For a good time in Bergen...

Back to Bryggen

The tour ended back at the wharf. The weather had cleared a little, reverting to the alternating (and occasionally simultaneous) bursts of sun and rain that Northern Europe does so well. It was an opportunity to appreciate how beautiful Bergen really is.

Side effects

All of the rain in Bergen creates a lush thick carpet of moss on trees and rocks everywhere. It looks like something out of a fairy tale.

The monetary Middle Ages

This is where the cashier collects the fee for visiting Fantoft church.

I love the juxtaposition of the modern laptop and headphones with a cash register that looks like it's almost as old as the church. The original church.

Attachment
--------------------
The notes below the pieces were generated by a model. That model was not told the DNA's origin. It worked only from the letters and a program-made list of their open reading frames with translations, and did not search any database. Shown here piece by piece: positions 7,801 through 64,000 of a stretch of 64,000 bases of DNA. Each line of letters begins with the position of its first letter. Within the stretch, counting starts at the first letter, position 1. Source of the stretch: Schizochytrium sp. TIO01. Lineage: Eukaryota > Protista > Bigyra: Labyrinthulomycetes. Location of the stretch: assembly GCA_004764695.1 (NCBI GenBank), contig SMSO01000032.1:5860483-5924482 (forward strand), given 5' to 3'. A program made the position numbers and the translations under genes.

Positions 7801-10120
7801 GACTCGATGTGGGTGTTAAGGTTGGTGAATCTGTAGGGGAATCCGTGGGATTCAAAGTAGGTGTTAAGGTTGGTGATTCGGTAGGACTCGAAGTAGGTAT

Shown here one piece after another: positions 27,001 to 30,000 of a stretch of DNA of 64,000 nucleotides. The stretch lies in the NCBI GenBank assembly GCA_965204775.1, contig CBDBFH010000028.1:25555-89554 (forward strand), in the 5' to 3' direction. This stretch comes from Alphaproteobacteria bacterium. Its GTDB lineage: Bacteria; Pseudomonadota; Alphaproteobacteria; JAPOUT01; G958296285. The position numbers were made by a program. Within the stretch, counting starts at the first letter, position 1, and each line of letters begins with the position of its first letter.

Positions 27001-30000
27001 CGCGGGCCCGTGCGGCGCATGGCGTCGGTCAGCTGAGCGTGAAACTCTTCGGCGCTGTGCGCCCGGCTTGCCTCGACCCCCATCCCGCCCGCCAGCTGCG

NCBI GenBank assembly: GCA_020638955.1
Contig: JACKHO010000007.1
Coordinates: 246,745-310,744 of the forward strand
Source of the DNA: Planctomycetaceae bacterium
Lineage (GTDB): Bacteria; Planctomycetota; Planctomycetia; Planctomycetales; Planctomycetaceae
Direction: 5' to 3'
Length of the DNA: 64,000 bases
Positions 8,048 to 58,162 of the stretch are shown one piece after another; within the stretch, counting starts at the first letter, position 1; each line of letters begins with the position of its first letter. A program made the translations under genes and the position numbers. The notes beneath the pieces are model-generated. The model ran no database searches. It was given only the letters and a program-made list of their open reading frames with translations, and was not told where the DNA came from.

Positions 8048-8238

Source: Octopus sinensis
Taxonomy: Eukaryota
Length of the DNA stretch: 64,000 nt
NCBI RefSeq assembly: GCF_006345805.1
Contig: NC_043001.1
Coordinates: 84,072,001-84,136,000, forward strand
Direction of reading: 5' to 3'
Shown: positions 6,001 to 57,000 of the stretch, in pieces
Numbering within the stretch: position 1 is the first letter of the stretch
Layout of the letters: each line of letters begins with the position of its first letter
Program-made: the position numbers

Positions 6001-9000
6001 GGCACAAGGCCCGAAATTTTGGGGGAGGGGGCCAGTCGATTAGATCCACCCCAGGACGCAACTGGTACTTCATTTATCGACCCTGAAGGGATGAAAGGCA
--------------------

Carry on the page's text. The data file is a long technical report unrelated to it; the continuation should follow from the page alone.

More Fantoft spooky spires


Stave churches are medieval wood churches with plank walls, once common all over northern Europe, but now almost exclusively found in Norway.

Fantoft was built around 1150 near Sognefjord, and moved to Bergen in the nineteenth century when it was threatened with demolition. It survived another hundred years or so, only to be burnt to the ground in 1992, part of a string of arson fires committed by members of Norway's Black Metal scene, claiming retaliation against Christianity for building churches on sacred pagan grounds. One of the bands used a photo of the burnt church on an album cover, and the guitarist was eventually tried and convicted for several of the church burnings. (Just in case you ever make the mistake of thinking that everything is coolly rational in Scandinavia.)